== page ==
Within the international forum we are fighting with gravely erroneous policy towards tax havens. Tax havens are hell for societies; the way to tax havens is paved with un-built roadways in other countries, under-invested hospitals, and scrapped police stations. That’s why our predecessors eliminated police stations in such large numbers, failed to invest in hospitals, and did not build key elements of our infrastructure, because they did not supervise the operations of our tax system, our tax base. We are working on all these issues at the OECD (Organization of Economic Cooperation and Development), at G20, at the European Union, and today there is clear proof of results. I just finished studying figures on the income for the 1st half year, and I can tell you right now – the revenue we managed to generate from tightening up of our tax system is more than our net income from the European Union, for all of last year. These are numbers for half of the year only.

The III Polish Republic was a time of dividing our country into those who come from big cities and those from villages and small towns – like our poet Slowacki exclaimed in his literary work Kordian “they tore her into pieces, this garment they tore into pieces“. We want to sew these pieces back together so that everyone – regardless where they come from – enjoys equal opportunity. This is the basic axiom, the basic value of our economic and social policies.

Ladies and gentlemen,

Now I would like to say a few words about upcoming great challenges and our projects. If we are dreaming about a modern Poland – and I am convinced that in all of our hearts there is such a dream – we need to spell out what are the roadblocks and what openings lay ahead for us;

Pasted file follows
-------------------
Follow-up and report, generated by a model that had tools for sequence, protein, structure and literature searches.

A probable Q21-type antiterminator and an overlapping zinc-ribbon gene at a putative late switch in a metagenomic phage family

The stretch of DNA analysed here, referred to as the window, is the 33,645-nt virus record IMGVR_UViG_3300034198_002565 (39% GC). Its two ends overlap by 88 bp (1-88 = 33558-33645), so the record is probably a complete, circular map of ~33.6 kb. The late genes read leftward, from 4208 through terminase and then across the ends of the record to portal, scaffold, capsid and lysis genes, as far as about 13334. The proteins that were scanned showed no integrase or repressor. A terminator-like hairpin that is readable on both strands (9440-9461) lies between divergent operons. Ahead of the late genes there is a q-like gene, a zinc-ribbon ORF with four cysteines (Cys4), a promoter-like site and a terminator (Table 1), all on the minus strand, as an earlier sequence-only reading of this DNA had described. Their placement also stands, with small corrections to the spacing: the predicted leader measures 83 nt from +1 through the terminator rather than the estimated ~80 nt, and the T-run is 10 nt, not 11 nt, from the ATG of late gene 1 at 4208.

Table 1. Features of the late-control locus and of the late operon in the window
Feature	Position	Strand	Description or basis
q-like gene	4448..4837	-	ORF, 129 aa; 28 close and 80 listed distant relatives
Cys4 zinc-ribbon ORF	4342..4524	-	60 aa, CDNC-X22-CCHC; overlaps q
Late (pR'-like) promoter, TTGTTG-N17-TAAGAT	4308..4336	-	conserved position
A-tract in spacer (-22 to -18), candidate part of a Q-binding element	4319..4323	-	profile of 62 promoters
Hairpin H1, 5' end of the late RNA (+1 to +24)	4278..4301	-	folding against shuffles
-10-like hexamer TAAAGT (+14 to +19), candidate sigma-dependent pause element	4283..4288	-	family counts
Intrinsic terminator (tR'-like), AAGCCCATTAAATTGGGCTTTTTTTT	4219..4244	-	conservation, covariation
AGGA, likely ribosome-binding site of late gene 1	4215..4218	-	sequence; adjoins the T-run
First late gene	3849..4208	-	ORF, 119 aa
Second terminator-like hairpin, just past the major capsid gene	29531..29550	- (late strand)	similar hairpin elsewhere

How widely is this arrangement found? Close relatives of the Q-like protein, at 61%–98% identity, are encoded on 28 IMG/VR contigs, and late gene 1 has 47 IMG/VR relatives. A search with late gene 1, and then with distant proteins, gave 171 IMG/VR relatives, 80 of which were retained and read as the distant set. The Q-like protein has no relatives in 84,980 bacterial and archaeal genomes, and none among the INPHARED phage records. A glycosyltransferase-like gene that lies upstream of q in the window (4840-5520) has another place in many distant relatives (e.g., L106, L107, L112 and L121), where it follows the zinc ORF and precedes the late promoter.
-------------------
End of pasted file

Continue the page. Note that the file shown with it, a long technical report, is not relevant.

how to take advantage of them. We need savings, investments, innovations, export, and infrastructure. We will base our economic growth on these elements. Countries that based their economic growth on these elements are beyond comparison today, they were able to protect and grow their economies. We are not following any ideological extremes, like neo liberalism or socialism. We look at economics through the prism of connectivity. We strive to connect local economy with an opening towards Europe, but also to connect the economy as a whole with society. This has been a new approach of only recent years, that one can connect economy with society, with the community, and it works. For neoliberal economists, frequently these were two separate entities. But they are not separate entities, they are banded together, and one attests of the other. Without the wellbeing of the population there is no effective, healthy economy. We want to connect local and big town businesses. The small town Poland has yielded excellent Polish companies. Our economic program is mainly addressed to them. Here are a few examples of such companies: Inglot, Pesa, Oknoplast, or Vista from Gdynia – which today is the Chief Contractor of a major bridge construction project located beyond the Arctic Circle. Earlier Polish companies could only be subcontractors. Many had to file for bankruptcy as was the case in highways construction program scams of the past decade. These Polish firms deserve to surf and ride and grow atop our new great wave of investments, and we intend to deliver this opportunity to them. We are proud of these companies yet for another reason – because they are buying out their competition in the West. Companies like Nowy Styl that is buying furniture manufacturers in Germany, or semi-trailer maker Wielton Corporation that bought companies in France, in Italy and Germany. They make us proud. I see in the audience Mr. Jasinski, President of Orlen. Ladies and Gentlemen, did you know that the Orlen Corporation’s subsidiary in Germany is the largest company in the Schleswig-Holstein, one of the 16 German Land provinces?